The U.S., committed to achieving a better day for both Palestinians and Israelis alike, can indeed be the catalyst for change needed to hold the UN system accountable for how it expends resources and, in the case of UNRWA, unacceptably continues as an obstacle to peace and tolerance.

[1] Josh Rogin, “Trump administration split on cutting aid to Palestinian refugees,” Washington Post (January 9, 2018), administration-split-on-cutting-aid-to-palestinian-refugees/?utm_term=.d3ad983f8c3d

[2] Alexander Fulbright, “US warns it won’t fund UN refugee agency if Palestinians reject talks,” The Times of Israel (January 2, 2018), agency-if-palestinians-reject-talks/

[3]See “Pledges to UNRWA (Cash and In-kind) for 2015 – Overall Donor Ranking in USD as of 31 December 2015,”

[4] “Who We Are,” United Nations Relief and Work Agency,

[5] “Lebanon census turns up two-thirds fewer Palestinians than expected,” The Times of Israel, December 22, 2017, palestinians-than-expected/

[6] Richard D. Heideman, “Terrorism and rejectionism: twin threats to peace and security,”, January 14, 2018

[7] Act 101(a)15P of Immigration and Nationality Act, US CIS,

[8] “What is a Refugee,” UNHCR,

[9] See Alan Dershowitz’s The Case for Israel, Chapter 12

[10] Universal Declaration of Human Rights,

[11] “History of UNHCR,” UNHCR, [12] “Solutions,” UNHCR,

[13] See “UNRWA in Figures,” june04.pdf

[14] “Solutions”
[15] “The World Bank in West Bank and Gaza,” The World Bank,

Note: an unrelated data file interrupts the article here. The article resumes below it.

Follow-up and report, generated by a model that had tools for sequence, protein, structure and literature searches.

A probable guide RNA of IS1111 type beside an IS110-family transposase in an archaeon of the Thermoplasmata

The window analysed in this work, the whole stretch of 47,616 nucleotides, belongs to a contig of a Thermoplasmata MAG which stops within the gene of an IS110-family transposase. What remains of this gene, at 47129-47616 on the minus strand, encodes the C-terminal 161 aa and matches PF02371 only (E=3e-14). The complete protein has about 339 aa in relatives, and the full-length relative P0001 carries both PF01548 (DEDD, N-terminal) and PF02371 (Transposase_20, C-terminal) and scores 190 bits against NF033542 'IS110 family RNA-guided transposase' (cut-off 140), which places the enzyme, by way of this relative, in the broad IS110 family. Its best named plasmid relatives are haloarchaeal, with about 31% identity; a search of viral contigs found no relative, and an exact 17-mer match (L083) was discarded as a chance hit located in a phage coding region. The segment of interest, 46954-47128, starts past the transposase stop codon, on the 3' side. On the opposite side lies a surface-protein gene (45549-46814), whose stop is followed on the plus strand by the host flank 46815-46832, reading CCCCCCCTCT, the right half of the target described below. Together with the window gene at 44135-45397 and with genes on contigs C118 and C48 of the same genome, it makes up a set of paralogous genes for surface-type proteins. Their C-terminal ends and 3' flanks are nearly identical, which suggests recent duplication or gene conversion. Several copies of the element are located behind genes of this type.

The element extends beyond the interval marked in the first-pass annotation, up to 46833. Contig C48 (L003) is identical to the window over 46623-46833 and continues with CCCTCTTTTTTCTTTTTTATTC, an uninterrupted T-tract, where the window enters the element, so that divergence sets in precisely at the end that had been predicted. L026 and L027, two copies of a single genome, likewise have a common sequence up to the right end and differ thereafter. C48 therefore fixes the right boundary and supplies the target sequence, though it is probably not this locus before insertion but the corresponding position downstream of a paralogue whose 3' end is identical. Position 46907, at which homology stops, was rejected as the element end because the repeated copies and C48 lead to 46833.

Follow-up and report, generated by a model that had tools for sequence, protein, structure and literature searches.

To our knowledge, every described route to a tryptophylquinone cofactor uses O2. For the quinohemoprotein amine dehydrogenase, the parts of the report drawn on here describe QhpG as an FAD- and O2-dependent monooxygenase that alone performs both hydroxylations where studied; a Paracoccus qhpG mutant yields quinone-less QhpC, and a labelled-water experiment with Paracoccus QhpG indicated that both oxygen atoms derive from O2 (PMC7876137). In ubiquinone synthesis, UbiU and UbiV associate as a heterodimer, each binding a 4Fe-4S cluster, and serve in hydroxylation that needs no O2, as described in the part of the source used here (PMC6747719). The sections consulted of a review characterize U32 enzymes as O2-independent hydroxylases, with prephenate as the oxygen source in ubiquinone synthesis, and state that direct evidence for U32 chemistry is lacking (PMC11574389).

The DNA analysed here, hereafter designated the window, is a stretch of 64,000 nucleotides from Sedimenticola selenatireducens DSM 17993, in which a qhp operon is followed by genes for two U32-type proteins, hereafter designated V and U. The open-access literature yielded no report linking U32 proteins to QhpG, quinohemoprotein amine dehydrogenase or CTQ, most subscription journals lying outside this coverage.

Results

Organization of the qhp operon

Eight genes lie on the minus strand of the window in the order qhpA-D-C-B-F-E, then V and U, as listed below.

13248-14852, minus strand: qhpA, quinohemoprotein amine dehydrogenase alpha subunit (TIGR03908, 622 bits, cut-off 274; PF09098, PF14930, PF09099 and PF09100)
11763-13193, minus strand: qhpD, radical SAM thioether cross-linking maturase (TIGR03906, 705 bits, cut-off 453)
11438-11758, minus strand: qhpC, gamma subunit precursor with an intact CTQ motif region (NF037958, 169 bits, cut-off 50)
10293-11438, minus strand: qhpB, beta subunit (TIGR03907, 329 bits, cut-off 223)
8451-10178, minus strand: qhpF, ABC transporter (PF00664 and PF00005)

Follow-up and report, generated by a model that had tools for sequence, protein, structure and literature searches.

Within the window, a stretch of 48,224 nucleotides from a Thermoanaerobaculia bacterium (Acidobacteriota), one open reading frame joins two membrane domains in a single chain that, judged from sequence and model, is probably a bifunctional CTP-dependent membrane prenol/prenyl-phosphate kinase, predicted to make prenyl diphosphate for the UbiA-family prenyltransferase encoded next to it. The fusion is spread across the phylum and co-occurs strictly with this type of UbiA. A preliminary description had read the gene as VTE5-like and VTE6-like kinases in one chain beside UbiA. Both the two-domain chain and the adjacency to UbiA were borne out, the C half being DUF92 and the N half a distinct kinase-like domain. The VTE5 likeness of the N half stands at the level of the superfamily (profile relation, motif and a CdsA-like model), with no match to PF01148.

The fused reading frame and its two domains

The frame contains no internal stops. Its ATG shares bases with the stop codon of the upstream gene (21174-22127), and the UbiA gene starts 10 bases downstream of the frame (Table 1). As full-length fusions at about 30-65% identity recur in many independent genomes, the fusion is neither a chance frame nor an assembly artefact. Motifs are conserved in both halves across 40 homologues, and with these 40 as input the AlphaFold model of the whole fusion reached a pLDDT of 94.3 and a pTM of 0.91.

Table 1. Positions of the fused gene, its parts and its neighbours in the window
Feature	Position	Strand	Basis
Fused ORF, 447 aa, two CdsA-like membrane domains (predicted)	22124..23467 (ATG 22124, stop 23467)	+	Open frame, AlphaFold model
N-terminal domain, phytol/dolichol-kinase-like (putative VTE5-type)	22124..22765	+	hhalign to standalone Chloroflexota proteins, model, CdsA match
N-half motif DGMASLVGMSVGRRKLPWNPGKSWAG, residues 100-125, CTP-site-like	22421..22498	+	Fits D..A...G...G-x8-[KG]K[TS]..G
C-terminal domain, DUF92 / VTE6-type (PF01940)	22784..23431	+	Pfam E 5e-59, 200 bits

[16] See “The Situation of Palestinian Refugees in Lebanon, February 2016,”

[17] “The Syria Crisis,” UNRWA, refugees

[18] “Frequently Asked Questions, “UNRWA USA National Committee,

[19] See “West Bank & GAZA”, SABER Country Report 2010, sequence=1&isAllowed=y

[20] “UNRWA Salaries in Jordan,” Glassdoor, Accessed 14 January 2018,,5_IL.6,12_IN127.htm

[21] “UNRWA Salaries in Syria,” Glassdoor, Accessed 14 January 2018,,5_IL.6,11_IN225.htm

[22] According to the World Bank, UNRWA employs more than 17,000 teachers and support staff, and pay fairly low salaries: around $800 per month in Jordan and about $144 in Syria.

[23] James G. Lindsay, Fixing UNRWA- Repairing the UN’s Troubled System of Aid to Palestinian Refugees, The Washington Institute of Near East Policy, Policy Focus #91 (Jan. 2009) p. 6, 27

[24] See Dr. Arnon Gross, SPECIAL REPORT: Israel and the Jews in the Newest Palestinian Authority (PA) Schoolbooks taught in PA and UNRWA Schools: De-legitimization, Demonization, Advocacy of Violent Struggle rather than Peace, Jihad, Martyrdom and the ‘Right of Return’ (Jan, 2016)

[25] See Eldad J. Pardo, Palestinian Elementary School Curriculum 2016-17: Radicalization and Revival of the PLO Program”, IMPACT-se (April 2017)

[26] Elior Levy & Eitan Goldstein, “Israel erased in UN schools,” (January 3, 2017),,7340,L-4902567,00.html

[27] Ishai Freedman, “The Palestinian Incitement, How to Teach Math in an Anti-Semitic Manner,”, November 2015, /ההסתה-הפלסטינית-איך-ללמד-מתמטיקה-בצור/2015/11/09/

[28] David Bedin, “Hamas Continues to Operate Freely in UNRWA’s Institutions in the Gaza Strip, Center for Near East Policy Research (January 3, 2017),תנועת-חמאס-ממשיכה-לפעול-באופן-חופשי-במוסדות-אונר-א-ברצועת-עזה.html

[29] Ibid.

[30] Claudia Rosett, “The U.N.: Clueless or Complicit in Gaza?” National Review (September 4, 2014),

Originally published in the Times of Israel